SOCIAL JUDGMENT THEORYCOGNITIVE STRUCTURE OF ATTITUDE Attitude = single point Latitudes Latitude = the distance of a place north or south of the equator, measured in degrees (Oxford Advanced Learner’s Dictionary)
SOCIAL JUDGMENT THEORYCOGNITIVE STRUCTURE OF ATTITUDE Latitudes Latitude of Acceptance The range of message positions that are acceptable or plausible for an listener Latitude of Rejection The range of message positions that a listener actively rejects Latitude of Non-commitment The range of message positions that a listener neither accepts or rejects
SOCIAL JUDGMENT THEORYCOGNITIVE STRUCTURE OF ATTITUDE Anchor
The position that most closely represents
a person’s point of view
In the center of Latitude of Acceptance
Comparison point when we hear discrepant message
SOCIAL JUDGMENT THEORYCOGNITIVE STRUCTURE OF ATTITUDE Ego Involvement: The importance of an issue to a person’s life High ego-involvement narrow Latitude of Acceptance wide Latitude of Rejection extreme position of anchor Low ego-involvement wide Latitude of Acceptance high rate of attitude change
SOCIAL JUDGMENT THEORYJUDGMENT PROCESS 1. Judgment Phase Comparing the message to our anchor Locating the message into the latitude zones
SOCIAL JUDGMENT THEORYJUDGMENT PROCESS *Perceptual distortion errors Contrast: A perceptual error whereby people judge messages that fall within their latitudes of rejection as even further from their anchor than they really are Assimilation: A perceptual error whereby people judge messages that fall within their latitudes of acceptance as even nearer from their anchor than they really are
SOCIAL JUDGMENT THEORYJUDGMENT PROCESS 2. Responding phase Shifting our anchor Latitude of Acceptance shifting along with it Latitude of Rejection and Non-commitment shifting along with it How much movement?
SOCIAL JUDGMENT THEORYJUDGMENT PROCESS Discrepancy = the difference between the position of a message and the listener’s attitude The greater the discrepancy, the more listeners will adjust their attitudes. (Griffin 2008) The relationship between discrepancy and attitude change is curvilinear.
SOCIAL JUDMENT THEORYJUDGMENT PROCESS To change a person’s attitude Disagree ENOUGH to change the audience’s attitude, without going so far that you offend them Avoid boomerang effect: Attitude change in the opposite direction of what the message advocated Keep in mind! Persuasion process is: Gradual: The only way to get large-scale change is through a series of small, successive movements Social: Influence from friends and family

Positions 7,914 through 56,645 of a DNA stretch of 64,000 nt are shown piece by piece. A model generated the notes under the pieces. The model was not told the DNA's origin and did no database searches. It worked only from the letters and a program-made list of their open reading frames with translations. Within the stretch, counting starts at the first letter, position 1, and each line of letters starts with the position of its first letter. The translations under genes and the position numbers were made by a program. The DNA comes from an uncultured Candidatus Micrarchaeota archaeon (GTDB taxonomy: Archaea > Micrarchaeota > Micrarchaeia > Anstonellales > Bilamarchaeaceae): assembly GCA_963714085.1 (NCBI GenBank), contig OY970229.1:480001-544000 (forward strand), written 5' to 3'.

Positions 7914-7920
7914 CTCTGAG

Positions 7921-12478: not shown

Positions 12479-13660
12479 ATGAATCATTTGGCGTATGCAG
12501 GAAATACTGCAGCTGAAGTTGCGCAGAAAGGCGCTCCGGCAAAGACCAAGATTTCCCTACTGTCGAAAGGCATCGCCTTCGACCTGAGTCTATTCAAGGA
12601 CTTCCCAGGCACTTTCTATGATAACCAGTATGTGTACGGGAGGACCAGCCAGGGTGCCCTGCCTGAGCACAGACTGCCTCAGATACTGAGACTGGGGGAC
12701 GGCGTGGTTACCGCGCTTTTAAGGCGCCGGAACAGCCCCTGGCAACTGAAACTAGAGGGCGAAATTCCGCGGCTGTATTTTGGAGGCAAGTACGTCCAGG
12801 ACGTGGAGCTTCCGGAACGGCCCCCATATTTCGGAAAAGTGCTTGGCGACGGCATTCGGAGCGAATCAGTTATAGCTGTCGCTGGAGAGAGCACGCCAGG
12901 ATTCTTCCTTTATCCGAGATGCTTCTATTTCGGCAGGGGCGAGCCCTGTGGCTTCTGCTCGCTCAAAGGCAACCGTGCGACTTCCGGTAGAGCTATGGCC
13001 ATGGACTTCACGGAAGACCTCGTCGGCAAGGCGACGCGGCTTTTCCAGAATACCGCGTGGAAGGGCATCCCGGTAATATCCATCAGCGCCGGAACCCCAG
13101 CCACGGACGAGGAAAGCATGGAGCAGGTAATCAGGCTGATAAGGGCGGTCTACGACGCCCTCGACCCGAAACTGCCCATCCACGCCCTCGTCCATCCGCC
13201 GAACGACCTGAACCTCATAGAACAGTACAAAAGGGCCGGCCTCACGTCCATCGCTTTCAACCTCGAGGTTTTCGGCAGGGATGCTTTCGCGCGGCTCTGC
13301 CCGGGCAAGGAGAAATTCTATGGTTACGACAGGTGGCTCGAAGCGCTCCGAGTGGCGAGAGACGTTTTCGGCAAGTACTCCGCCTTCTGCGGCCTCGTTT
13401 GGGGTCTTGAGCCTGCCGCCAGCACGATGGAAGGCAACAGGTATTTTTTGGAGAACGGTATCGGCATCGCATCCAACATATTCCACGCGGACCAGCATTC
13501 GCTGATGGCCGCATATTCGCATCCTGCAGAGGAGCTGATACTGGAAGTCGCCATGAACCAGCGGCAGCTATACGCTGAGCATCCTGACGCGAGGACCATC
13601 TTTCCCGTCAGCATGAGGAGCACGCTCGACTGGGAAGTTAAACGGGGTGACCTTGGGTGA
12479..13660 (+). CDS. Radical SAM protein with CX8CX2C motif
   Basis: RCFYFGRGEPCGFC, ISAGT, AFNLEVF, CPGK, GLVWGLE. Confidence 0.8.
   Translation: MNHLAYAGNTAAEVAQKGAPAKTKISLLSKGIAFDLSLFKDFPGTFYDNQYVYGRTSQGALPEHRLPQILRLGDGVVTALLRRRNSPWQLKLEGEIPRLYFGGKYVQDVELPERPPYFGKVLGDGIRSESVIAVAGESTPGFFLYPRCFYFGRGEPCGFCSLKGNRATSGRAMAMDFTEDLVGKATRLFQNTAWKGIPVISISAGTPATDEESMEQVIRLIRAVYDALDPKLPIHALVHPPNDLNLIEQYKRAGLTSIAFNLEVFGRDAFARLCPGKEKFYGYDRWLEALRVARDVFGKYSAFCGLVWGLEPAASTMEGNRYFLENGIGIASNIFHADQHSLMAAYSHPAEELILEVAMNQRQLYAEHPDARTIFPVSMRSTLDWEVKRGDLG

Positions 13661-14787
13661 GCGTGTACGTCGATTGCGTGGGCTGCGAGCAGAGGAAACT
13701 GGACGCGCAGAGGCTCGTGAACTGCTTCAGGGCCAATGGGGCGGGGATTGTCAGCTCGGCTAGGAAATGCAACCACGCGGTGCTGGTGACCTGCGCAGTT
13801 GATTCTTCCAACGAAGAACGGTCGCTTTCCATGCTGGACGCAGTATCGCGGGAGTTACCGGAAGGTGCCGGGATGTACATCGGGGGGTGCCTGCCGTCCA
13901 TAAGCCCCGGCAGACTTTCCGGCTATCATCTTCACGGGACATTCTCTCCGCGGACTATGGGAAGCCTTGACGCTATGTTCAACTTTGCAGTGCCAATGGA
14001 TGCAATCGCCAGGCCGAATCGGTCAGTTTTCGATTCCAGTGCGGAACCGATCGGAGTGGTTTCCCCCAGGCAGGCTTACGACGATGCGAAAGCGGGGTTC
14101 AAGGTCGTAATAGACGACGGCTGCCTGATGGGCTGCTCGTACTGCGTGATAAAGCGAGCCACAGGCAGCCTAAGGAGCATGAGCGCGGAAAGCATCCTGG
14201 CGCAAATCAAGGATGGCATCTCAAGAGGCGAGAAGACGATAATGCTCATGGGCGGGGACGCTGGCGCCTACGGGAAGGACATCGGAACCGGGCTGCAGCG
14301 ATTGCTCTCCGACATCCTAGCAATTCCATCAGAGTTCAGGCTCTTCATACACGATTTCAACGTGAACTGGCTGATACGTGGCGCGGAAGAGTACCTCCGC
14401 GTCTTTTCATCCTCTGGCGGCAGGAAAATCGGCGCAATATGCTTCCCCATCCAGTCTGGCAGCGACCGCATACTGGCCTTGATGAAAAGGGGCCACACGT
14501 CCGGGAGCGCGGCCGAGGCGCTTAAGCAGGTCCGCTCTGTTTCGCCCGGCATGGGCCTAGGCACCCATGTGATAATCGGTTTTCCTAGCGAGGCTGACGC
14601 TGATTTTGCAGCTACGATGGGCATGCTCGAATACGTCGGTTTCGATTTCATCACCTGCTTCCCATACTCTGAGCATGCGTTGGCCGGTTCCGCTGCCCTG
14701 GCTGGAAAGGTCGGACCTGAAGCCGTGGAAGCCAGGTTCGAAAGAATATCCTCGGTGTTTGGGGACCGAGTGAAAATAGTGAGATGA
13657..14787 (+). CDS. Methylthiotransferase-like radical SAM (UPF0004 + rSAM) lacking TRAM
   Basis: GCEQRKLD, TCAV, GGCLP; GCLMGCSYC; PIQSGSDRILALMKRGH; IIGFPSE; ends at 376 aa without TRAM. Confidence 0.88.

SOCIAL JUDGMENT THEORYAPPLICATION Vietnam’s Government decides to run an anti-smoking campaign to change smokers’ attitude. You are hired to create a commercial for the campaign Your task:Draft the idea using Social Judgment Theory. Video example 1 Video example 2
SOCIAL JUDMENT THEORYCRITICS Strengths: SJT helps explain why two different people may perceive a single message differently. SJT notices the curvilinear relationship between discrepancy and persuasion. SJT includes involvement as an important factor in persuasion.
SOCIAL JUDMENT THEORYCRITICS Weaknesses Assimilation/Contrast is not likely to happen with clear message. Eg: “No texting in class under any circumstances” would be difficult to misinterpret SJT ignores other factors that can affect persuasion. The message content & variables Source credibility
REFERENCES 12manage n.d., ‘Social Judgment Process (Sherif)’, image, 12manage.edu, viewed 13 July 2011, <http://www.12manage.com/description_sherif_social_judgment_theory.html>. Benoit, WL & Benoit, PJ 2008, Persuasive Messages: The process of Influence, Blackwell Publishing, USA. Griffin, E 2008, A First Look at Communication Theory, 7th edn, McGraw-Hill, USA. Miller, K 2005, Communication theories: Perspective, processes and contexts, 4th edn, McGraw-Hill, USA. Oklahoma State University n.d., ‘Carolyn Sherif ’, image, Okstate.edu, viewed 13 July 2011, <http://psychology.okstate.edu/museum/women/page2.html>.
REFERENCES Thegauravjain 2008, Smoking – The best ad ever made on anti-smoking, video recording, Youtube, 8 January, viewed 14 July 2011, <http://www.youtube.com/watch?v=p69Q8lTkZTc>. Tibilord 2006, Funny campaign again smoking, video recording, Youtube, 7 November, viewed 14 July 2011, <http://www.youtube.com/watch?v=mz0N-jVrRWU&NR=1>. The National Academies Press n.d., ‘Muzafer Sherif’, image, Nap.edu, viewed 13 July 2011, <http://www.nap.edu/readingroom.php?book=biomems&page=chovland.html>. The National Academies Press n.d., ‘Carl Hovland’, image, Nap.edu, viewed 13 July 2011, <http://www.nap.edu/readingroom.php?book=biomems&page=chovland.html>.